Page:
May 22 2017

How to convert an STM32F103C8T6 into a Black Magic Probe

There are several tutorials on the internet showing how to convert an STM32F103C8T6 into a Black Magic Probe. Unfortunately, none of them worked for me. So, I decided to write this post in case others run into the same problem as I did. The problem I ran into was the memory size of the STM32F103C8T6 chip I am using. It reports that it only has 64K of flash. The Black Magic Probe software is a bit larger than 64K so the utilities report there is not enough memory and stop.  Decoding ‘STM32F103C8T6’

 

STM32F103C8T6
STM STMicroelectronics – Vendor
32 32-bit, ARM series
F103 model, ‘F1’ = ARM Cortex M3
C 48-pins
8 64 KB flash memory
T LQFP package type
6 temperature range -40..+85 °C

 

we see that it is only supposed to have 64K, however, it probably has 128K. Mine does!  So, with a bit of ‘trickery’, we can make it work.

There are possibly three different ways to connect and interface with the STM32F103C8T6 board:

  1. Serial port
  2. USB
  3. JTAG / SWD

The utility software (listed below) varies as to what interface it uses. To get my STM32F103C8T6 module to work with the utility I need, I used an ST-LINK programmer which attaches to the SWDCLK/SWDIO/PWR/GND pins.

How to convert an STM32F103C8T6 into a Black Magic Probe Here is a list and some information about the software tools (utilities) you will run across when reading articles about programming the STM32F03C8T6. Incidentally,  I run a Linux distribution called ‘Fedora‘. If you are running a different Linux distribution, you will need to run your appropriate package installer rather than the one (dnf) Fedora uses.

For installing and compiling some of these utilites, you will need git, cmake and the ‘normal’ set of development tools installed. If you do any development work these tools should already be installed.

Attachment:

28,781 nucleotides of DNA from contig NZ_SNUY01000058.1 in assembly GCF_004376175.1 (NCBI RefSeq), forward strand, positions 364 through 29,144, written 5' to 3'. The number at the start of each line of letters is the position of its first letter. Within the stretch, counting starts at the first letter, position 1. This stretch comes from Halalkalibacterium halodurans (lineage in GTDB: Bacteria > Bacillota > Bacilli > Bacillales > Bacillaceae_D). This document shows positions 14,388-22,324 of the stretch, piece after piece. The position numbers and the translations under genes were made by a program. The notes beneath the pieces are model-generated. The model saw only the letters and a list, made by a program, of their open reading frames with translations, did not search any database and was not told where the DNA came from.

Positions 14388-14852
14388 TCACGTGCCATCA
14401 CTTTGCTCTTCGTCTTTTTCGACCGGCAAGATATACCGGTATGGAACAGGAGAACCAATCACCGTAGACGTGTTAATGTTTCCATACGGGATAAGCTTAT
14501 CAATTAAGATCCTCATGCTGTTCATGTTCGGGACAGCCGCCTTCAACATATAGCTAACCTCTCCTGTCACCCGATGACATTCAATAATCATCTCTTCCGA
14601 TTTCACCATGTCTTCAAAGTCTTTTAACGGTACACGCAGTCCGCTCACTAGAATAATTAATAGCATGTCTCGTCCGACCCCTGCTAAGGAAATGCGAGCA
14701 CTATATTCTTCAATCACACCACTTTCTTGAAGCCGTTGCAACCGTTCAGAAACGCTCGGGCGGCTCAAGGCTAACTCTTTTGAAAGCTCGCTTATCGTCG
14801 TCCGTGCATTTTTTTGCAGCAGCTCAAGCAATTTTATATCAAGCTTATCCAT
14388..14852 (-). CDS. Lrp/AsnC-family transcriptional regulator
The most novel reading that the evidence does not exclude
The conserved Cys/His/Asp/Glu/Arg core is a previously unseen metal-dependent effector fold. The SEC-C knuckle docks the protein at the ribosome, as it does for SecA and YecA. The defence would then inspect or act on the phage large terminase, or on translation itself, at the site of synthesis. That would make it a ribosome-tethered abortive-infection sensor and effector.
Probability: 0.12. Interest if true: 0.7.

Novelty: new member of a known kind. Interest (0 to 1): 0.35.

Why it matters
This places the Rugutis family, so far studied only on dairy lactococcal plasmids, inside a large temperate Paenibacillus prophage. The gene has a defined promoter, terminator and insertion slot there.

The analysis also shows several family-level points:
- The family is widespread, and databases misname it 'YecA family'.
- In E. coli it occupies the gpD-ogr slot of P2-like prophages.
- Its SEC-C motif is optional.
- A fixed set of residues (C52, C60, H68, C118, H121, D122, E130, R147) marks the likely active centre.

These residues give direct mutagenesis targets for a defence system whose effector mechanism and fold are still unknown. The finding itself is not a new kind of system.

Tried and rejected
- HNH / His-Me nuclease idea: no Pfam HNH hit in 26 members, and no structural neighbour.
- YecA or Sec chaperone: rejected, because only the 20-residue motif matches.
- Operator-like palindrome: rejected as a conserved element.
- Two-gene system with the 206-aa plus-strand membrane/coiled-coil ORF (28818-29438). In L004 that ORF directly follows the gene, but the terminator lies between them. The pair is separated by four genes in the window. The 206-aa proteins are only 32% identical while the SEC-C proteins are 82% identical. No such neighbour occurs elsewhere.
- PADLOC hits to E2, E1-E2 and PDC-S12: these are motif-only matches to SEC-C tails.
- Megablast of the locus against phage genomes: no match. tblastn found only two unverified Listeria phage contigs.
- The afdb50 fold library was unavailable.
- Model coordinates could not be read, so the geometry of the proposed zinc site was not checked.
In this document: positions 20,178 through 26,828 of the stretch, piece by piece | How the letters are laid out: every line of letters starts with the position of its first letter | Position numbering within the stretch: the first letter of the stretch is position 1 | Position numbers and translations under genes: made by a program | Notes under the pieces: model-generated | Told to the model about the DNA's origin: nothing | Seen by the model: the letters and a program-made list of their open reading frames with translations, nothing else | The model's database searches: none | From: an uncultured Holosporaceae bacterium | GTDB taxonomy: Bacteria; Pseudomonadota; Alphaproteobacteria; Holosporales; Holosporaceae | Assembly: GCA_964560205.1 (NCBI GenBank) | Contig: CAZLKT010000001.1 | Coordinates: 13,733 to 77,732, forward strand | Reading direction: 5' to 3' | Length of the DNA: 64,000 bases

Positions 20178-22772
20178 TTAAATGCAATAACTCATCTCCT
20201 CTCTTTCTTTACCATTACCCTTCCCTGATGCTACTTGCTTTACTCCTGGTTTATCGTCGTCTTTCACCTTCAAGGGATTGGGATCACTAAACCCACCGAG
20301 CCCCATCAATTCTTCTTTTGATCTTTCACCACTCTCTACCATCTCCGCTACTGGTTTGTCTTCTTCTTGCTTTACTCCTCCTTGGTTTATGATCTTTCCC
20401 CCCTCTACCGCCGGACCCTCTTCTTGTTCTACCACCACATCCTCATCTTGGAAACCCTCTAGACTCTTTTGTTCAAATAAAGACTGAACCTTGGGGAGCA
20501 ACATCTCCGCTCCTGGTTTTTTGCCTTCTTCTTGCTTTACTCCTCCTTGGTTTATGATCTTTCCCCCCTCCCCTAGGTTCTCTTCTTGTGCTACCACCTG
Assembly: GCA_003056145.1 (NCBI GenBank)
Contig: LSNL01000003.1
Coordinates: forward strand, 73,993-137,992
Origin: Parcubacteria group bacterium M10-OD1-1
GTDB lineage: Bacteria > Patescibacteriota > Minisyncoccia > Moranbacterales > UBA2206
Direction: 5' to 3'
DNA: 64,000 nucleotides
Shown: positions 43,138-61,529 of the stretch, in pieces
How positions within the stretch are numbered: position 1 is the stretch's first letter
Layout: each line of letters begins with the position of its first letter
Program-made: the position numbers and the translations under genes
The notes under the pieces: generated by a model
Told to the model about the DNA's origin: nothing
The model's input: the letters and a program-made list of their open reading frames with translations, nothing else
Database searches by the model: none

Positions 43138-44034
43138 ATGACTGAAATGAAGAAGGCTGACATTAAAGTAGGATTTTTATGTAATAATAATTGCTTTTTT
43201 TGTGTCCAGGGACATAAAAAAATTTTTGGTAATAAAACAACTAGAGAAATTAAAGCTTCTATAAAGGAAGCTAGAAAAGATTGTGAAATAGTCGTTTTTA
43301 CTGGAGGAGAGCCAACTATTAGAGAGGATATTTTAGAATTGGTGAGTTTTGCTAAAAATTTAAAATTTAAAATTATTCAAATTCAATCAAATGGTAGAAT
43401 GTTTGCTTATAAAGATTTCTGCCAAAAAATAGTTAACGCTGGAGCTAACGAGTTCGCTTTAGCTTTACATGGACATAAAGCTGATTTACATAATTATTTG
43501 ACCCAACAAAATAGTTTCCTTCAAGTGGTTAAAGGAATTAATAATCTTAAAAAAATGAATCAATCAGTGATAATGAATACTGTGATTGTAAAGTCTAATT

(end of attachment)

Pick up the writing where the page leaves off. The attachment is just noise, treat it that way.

Here is the command to install all the needed development (C compiler) tools for the ARM processor:

Many of the useful utilities are coded in Python and need the Python serial module. Here is how to install it:

Here is a list of the utilities:

stm32flash
Open source cross platform flash program for the STM32 ARM microcontrollers using the built-in ST serial bootloader over UART or I2C

stm32loader.py
Python script which talks to the STM32 bootloader (via the serial port) to upload and download firmware.

stlink
Open source version of the STMicroelectronics Stlink Tools

dfu-util
DFU is intended to download and upload firmware to/from devices connected over USB.

OpenOCD
Open On-Chip Debugger

Black Magic Probe
In-application debugging tool for embedded microprocessors.

I eventually installed all of these utilities, however to create a “Black Magic Probe Clone” I really only needed stlink, OpenOCD and the Black Magic Probe software. So, here is how to convert an STM32F103C8T6 into a Black Magic Probe:

I installed OpenOCD via:

This step (using OpenOCD to unlock the code protection of the board that will become your new Black Magic Probe) may not be needed but just in case, here it is:

Next, I installed the stlink utilities globally via:

Then, to create the Black Magic Probe Software:

Make sure you are in the black magic probe src directory. Then erase memory and flash the black magic DFU and software ‘bin’ files via:

Note: Here is where the ‘trickery’ comes in. Using the parameter –flash=0x20000 we can override the reported 64K and specify 128K. Now you can unplug the STLINK programmer and plug in the usb port. You should then see two enumerated ports (probably /dev/ttyACM0 and /dev/ttyACM1).

To make it easier, next time I wanted to do this, I created a Python script which runs those needed commands. Additionally, it combines blackmagic_dfu.bin and blackmagic.bin into one bin file called bmp.bin. The script allso runs stlink to dump the memory (after flashing) to compare it with the original to make sure the flash worked ok.

Here is the Python script (it needs to run from the blackmagic probe src directory):

If you don’t have an STLINK programmer, there is an alternate method to create and flash the bmp.bin file. Create the bmp.bin file with this Python script:

STM32FLASH can be used with a USB to serial converter to flash the bmp.bin file via the following command:

Make sure to replace the /dev/ttyUSB0 with your specific port.

To test your new ‘Black Magic Probe clone’, attach it to a target:

STM32F103C8T6 as a BlackMagic ProbeThen run:

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